Secondly, the GEP provides for a number of structures intended to scrutinise gender knowledge, such as the University Committee on gender equality and allows that existing University and faculty-based structures be continuously involved in the process. The Senate, for instance, is expected to deliberate on and adopt action plans based on the changes in the existing gender knowledge.

Thirdly, the GEP envisages procedural instruments that are meant to disseminate a more critical approach to existing gender knowledge. This, most heterogeneous group of measures, involves training for supervisors of administrative units at the University, development of new courses and related teaching content, encouragement of research initiatives in the field of gender, creating public profiles of successful career women at the University.

Finally, the GEP is expected to be integrated with the existing normative structures of the University. This means that language based on gender bias and gender blindness, which may exist in a variety of regulatory instruments across the University, will be phased out in favour of language that will enable a scrutinising process of existing understandings of gender.

Thus and based on the literature on gender knowledge and gender mainstreaming, a mobilisation of knowledge at the University of Rijeka involved two interconnected steps. The first involved avoiding an ideal standard of gender equality that would be imposed top-down in a single move, by merely codifying the matter normatively. The second step involved the multiplication of structural, procedural and normative measures and their decentralisation across the University. The end result is that gender knowledge will be tackled both at the level of the University as a whole and its individual constituents and that the process of ensuring gender equality will move beyond the teaching and research spheres into the work and lives of administrative staff. The ongoing reporting procedures and the multiplication of actors entrusted with different tasks related to gender mainstreaming are expected to both provide an effective division of the overall project and create a space for dialogue between the involved actors. In sum, by focusing on structures and procedures rather than concrete content, knowledge mobilisation at the University is intended to become a critical perspective supplementing the regular functioning of the University and an integral part of an ongoing learning cycle.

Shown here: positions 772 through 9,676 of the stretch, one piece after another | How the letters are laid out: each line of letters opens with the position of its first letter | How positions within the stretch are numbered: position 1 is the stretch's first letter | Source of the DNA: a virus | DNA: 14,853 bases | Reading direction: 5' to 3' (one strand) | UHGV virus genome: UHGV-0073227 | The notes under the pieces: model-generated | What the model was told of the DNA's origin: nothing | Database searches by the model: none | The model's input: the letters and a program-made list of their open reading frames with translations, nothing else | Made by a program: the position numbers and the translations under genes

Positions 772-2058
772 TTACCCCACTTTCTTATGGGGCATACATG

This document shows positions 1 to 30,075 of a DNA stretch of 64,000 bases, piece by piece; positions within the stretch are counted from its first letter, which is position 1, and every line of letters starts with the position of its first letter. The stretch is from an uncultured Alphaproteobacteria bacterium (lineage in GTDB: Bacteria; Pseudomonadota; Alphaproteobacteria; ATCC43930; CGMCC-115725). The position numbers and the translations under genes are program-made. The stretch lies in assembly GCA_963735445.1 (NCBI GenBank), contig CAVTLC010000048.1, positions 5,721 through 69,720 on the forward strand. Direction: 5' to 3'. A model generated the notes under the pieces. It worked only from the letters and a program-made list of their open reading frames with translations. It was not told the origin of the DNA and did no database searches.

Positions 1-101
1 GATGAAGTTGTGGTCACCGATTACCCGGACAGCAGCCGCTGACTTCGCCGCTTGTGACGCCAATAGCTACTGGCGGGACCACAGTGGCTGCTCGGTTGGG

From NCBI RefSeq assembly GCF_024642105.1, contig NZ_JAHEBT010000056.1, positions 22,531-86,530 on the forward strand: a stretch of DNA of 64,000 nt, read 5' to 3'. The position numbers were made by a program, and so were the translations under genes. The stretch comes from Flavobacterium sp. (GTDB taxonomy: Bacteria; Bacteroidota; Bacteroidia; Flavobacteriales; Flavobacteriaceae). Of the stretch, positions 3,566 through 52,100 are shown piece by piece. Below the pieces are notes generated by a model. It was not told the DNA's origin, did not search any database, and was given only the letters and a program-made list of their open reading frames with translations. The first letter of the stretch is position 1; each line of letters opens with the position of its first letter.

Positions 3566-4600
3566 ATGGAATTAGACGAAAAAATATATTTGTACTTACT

Cavaghan R (2013) Gender mainstreaming in the DGR as a knowledge process: epistemic barriers to eradicating gender bias, Critical Policy Studies, 7:4, pp 407-421.

Cavaghan R (2017) Making Gender Equality Happen. Knowledge, Change and Resistance in EU Gender Mainstreaming, Routledge, New York.

Moss G (2013) Research, policy and knowledge flows in education: what counts in knowledge mobilisation?, Contemporary Social Science 8:3, pp 237-248.

Zagzebski L (2017) What is Knowledge? In: Greco, J. & Sosa, E. (eds.) The Blackwell Guide to Epistemology, Blackwell Publishing, Oxford, pp 92-116.